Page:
800 billion degrees Celsius: temperatures as they occur in star collisions measured in the laboratory
They are among the hottest moments in cosmic events: the collisions of neutron stars in the universe, in which chemical elements are formed. With particle collisions in the accelerator scientists are able to create similar conditions at the GSI Helmholtzzentrum für Schwerionenforschung and the future FAIR accelerator center. Now, an international group of researchers at the HADES collaboration has succeeded for the first time in measuring the thermal electromagnetic radiation – the so-called black-body radiation – produced in this process. This allowed them to determine the temperature at 800 billion degrees Celsius and to explore further details about building blocks of matter under such conditions. The results were recently published in the journal "Nature Physics".
The HADES detector system on the GSI and FAIR campus in Darmstadt, as tall as a house, provides researchers with exciting insights into the events of the collision of two heavy nuclei at relativistic energies and – as has now been very successfully done – allows them to track down the microscopic properties of extreme states of matter in the laboratory. The latest results of the HADES collaboration, involving more than 110 scientists from numerous countries, mark an important moment: “The reconstruction of thermal radiation from compressed matter is a milestone in the understanding of cosmics forms of matter. It not only allows to extract the temperature of the system formed in the collision but also provides deep insight into the microscopic structure of matter under such conditions,” says Professor Joachim Stroth, spokesperson of the HADES collaboration, who coordinated the current analyses together with Professor Tetyana Galatyuk. Numerous other scientists from GSI and FAIR were involved in the current publication.
The Scientific Managing Director of GSI and FAIR, Professor Paolo Giubellino, whose research focus is the physics of high-energy heavy ion collisions and the matter produced in them, is already looking forward to the future and to the worldwide unique accelerator center FAIR, which is currently being built at GSI: “HADES will continue to contribute a lot to the exploration of atomic nuclei and their building blocks and will be an important part of FAIR's Compressed Baryonic Matter (CBM) experiment. Among other things, researchers there will be able to investigate processes within neutron stars with unprecedented precision and over a very wide range of densities."
The electromagnetic radiation observed by the HADES detector within the scope of the study now presented is mediated by virtual photons. They exist for an instant and soon decay into a pair of leptons (dilepton), e.g. an electron and a positron. Since leptons do not undergo strong interactions, the dense hadronic medium is nearly transparent to this radiation. Nevertheless, it is produced throughout the whole evolution of the reaction and therefore provides an ideal probe for the microscopic properties of the dense and hot medium created in the collision. From the spectral distribution of the radiation it could be deduced, that the matter must have reached temperatures in excess of 70 megaelectron volt (800 Giga Kelvin) and densities three times nuclear saturation density.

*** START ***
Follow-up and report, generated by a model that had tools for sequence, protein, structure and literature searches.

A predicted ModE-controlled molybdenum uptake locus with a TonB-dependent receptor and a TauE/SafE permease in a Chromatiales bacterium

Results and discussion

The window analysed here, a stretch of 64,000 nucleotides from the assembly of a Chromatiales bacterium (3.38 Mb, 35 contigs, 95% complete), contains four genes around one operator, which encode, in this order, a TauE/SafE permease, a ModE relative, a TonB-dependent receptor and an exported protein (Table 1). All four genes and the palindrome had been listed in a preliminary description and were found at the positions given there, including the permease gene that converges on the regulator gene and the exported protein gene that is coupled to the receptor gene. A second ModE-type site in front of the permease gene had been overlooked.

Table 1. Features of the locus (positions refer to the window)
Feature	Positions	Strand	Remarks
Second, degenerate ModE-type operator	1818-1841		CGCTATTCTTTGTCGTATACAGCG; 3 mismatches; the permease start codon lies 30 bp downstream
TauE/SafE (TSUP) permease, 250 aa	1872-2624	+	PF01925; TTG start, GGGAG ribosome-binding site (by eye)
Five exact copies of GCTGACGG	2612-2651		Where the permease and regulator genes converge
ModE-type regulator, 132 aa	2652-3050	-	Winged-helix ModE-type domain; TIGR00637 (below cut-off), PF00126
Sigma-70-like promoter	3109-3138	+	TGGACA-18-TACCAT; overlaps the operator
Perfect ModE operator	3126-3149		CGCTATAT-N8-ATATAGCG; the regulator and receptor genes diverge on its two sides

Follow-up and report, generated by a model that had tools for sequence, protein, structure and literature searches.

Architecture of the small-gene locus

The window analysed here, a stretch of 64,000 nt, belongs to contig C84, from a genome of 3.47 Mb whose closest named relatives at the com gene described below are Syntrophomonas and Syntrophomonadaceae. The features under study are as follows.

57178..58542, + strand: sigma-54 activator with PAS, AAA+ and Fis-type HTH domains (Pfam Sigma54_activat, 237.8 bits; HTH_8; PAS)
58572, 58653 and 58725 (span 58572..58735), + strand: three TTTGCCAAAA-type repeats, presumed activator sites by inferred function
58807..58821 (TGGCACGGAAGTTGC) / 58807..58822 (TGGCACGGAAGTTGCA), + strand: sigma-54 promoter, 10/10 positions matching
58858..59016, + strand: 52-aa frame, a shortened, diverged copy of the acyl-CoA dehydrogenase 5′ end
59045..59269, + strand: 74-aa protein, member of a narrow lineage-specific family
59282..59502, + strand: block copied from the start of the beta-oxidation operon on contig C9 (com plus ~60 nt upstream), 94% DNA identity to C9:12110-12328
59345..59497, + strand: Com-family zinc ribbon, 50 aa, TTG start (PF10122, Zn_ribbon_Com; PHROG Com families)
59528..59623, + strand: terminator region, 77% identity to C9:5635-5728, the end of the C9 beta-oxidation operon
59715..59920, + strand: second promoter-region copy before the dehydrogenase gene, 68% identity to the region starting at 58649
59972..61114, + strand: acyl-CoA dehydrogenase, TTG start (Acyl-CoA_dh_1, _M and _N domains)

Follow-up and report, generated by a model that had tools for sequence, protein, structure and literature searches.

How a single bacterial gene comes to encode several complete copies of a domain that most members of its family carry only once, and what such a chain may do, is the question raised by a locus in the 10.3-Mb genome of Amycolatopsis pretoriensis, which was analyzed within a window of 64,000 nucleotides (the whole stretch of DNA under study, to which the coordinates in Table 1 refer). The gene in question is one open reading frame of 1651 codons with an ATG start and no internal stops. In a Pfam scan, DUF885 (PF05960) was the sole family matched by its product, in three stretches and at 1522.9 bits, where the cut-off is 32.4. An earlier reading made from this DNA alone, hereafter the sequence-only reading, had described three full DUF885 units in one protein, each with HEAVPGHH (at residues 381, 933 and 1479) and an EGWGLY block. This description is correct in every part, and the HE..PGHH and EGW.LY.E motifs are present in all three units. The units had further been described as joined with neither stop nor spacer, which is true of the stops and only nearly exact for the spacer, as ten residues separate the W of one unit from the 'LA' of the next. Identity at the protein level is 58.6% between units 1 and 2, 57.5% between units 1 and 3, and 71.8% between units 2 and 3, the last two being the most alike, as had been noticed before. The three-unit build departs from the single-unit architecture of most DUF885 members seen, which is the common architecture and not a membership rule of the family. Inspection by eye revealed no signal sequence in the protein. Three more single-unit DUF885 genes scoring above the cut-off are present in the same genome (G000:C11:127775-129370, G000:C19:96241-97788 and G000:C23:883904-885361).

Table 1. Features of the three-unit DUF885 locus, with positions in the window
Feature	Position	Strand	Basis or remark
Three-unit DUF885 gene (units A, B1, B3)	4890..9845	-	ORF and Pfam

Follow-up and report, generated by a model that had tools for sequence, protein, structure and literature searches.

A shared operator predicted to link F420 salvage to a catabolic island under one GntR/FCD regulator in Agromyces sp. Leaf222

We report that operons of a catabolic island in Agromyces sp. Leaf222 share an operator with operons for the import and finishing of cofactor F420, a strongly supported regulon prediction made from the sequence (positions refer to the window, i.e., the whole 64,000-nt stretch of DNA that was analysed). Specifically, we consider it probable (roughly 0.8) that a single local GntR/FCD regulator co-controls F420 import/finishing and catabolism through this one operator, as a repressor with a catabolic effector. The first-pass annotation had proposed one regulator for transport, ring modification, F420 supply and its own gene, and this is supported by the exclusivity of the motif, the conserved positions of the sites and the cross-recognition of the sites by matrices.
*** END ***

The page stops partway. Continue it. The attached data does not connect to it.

Indeed, the densities and temperatures reached in the collision zone of such heavy-ion reactions resemble the conditions in neutron star merger processes. Since the detection of gravitational waves and electromagnetic radiation emitted from these Giga Novae events in a wide range of the electromagnetic spectrum, it is suggested that such merger events are the cosmic kitchens for the synthesis of heavy nuclei. An important input to respective theoretical investigations is the so-called equation of state of matter under extreme conditions. With heavy-ion reaction experiments at relativistic energies some of the relevant properties are now accessible in the laboratory.
An advantage of detecting virtual photons, in contrast to real photons, is the fact that they carry additional information. This allows reconstructing a Lorentz-invariant quantity, which has the same value independent of the relative velocity of the emitting system with respect to the laboratory frame. Since energy and momentum is conserved throughout the process, this invariant mass is identical to the mass of the hadronic system which has emitted the virtual photon in the first place. Hence, this radiation literally allows to look inside the hot and dense interaction zone.
As a surprising outcome of this HADES experiment it was found, that very likely the photons are produced by so-called vector meson which undergo a strong modification due to the dense environment they are embedded in. The reconstructed invariant mass distribution of the virtual photons, which shows a remarkably smooth exponential falloff, suggests that the mediating mesonic states, the ρ mesons, are actually nearly dissolved in the dense matter. A similar modification of the properties of the ρ vector meson is expected if the spontaneously broken chiral symmetry is restored. The dynamical breaking of this symmetry is a fundamental property of QCD, the theory of the strong interaction, and explains e.g. the existence of the exceptionally light mesons like the pion. The degree of chiral symmetry breaking therefore controls how nucleons are interacting with each other.
The HADES experiment is the first to successfully reconstruct thermal electromagnetic radiation in collision of heavy-ions at energies around 1 A GeV, where the emission of virtual photons with mass of a few hundred MeV/c2 is a truly rare process: About 3 billion Au+Au collisions had to be recorded and analyzed to finally reconstruct 20,000 virtual photons via their decay into a pair of electrons and with masses larger than 200 MeV/c2. (BP)